The Abduction of Europa by Rembrandt van Rijn was created in 1632. The painting is in J. Paul Getty Museum Los Angeles. The size of the work is 64,6 x 78,7 cm and is made of oil on single oak panel.
During his long career Rembrandt rarely painted mythological subjects. Here he conveys a narrative story through dramatic gesture and visual effects. Bewildered, Europa grasps the bull’s horn, digs her fingers into his neck, and turns back to look at her companions on the water’s edge. One young woman falls to the ground and raises her arms in alarm, dropping the flower garland intended for the bull’s neck into her lap, while her friend clasps her hands in consternation and watches helplessly. Read more in J. Paul Getty Museum.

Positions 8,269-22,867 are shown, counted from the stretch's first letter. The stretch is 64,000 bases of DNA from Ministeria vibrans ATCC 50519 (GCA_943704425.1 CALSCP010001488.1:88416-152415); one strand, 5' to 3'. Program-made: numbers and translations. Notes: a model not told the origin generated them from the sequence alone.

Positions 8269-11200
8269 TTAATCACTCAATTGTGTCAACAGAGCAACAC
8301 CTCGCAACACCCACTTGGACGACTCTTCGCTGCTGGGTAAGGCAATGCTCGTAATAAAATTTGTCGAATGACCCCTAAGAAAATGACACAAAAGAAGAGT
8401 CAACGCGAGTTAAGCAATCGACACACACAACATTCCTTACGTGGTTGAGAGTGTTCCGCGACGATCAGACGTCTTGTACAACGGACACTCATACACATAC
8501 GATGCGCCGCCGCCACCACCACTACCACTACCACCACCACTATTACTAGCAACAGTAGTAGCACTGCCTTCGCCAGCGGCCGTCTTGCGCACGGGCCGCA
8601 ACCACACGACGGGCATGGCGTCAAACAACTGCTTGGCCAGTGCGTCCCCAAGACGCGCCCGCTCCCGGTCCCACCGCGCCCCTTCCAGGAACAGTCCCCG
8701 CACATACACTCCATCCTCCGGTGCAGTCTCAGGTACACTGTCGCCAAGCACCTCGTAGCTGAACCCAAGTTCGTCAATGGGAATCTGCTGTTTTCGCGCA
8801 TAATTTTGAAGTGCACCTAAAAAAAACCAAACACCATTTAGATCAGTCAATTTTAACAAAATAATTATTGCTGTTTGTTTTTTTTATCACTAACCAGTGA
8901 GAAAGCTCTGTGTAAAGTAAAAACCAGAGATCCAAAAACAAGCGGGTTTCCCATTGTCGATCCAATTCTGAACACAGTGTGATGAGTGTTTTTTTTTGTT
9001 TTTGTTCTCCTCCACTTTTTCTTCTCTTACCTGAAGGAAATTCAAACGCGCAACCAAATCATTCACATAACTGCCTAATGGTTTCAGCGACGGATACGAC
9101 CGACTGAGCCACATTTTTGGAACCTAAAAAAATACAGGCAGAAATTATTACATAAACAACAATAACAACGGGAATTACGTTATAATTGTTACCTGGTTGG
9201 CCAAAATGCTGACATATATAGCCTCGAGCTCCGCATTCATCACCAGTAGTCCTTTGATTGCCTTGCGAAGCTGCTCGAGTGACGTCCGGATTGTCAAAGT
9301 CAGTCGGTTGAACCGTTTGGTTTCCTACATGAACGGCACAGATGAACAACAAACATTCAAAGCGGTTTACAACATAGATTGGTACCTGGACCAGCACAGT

About the Artist: Dutch Golden Age painter, printmaker and draughtsman Rembrandt was born on 15 July 1606 in Leiden, in the Dutch Republic, now the Netherlands. As a boy, he attended a Latin school. At the age of 13, he was enrolled at the University of Leiden, although according to a contemporary he had a greater inclination towards painting. In 1624 or 1625, Rembrandt opened a studio in Leiden, which he shared with friend and colleague Jan Lievens. In 1627, Rembrandt began to accept students, which included Gerrit Dou in 1628 and Isaac de Jouderville… Read more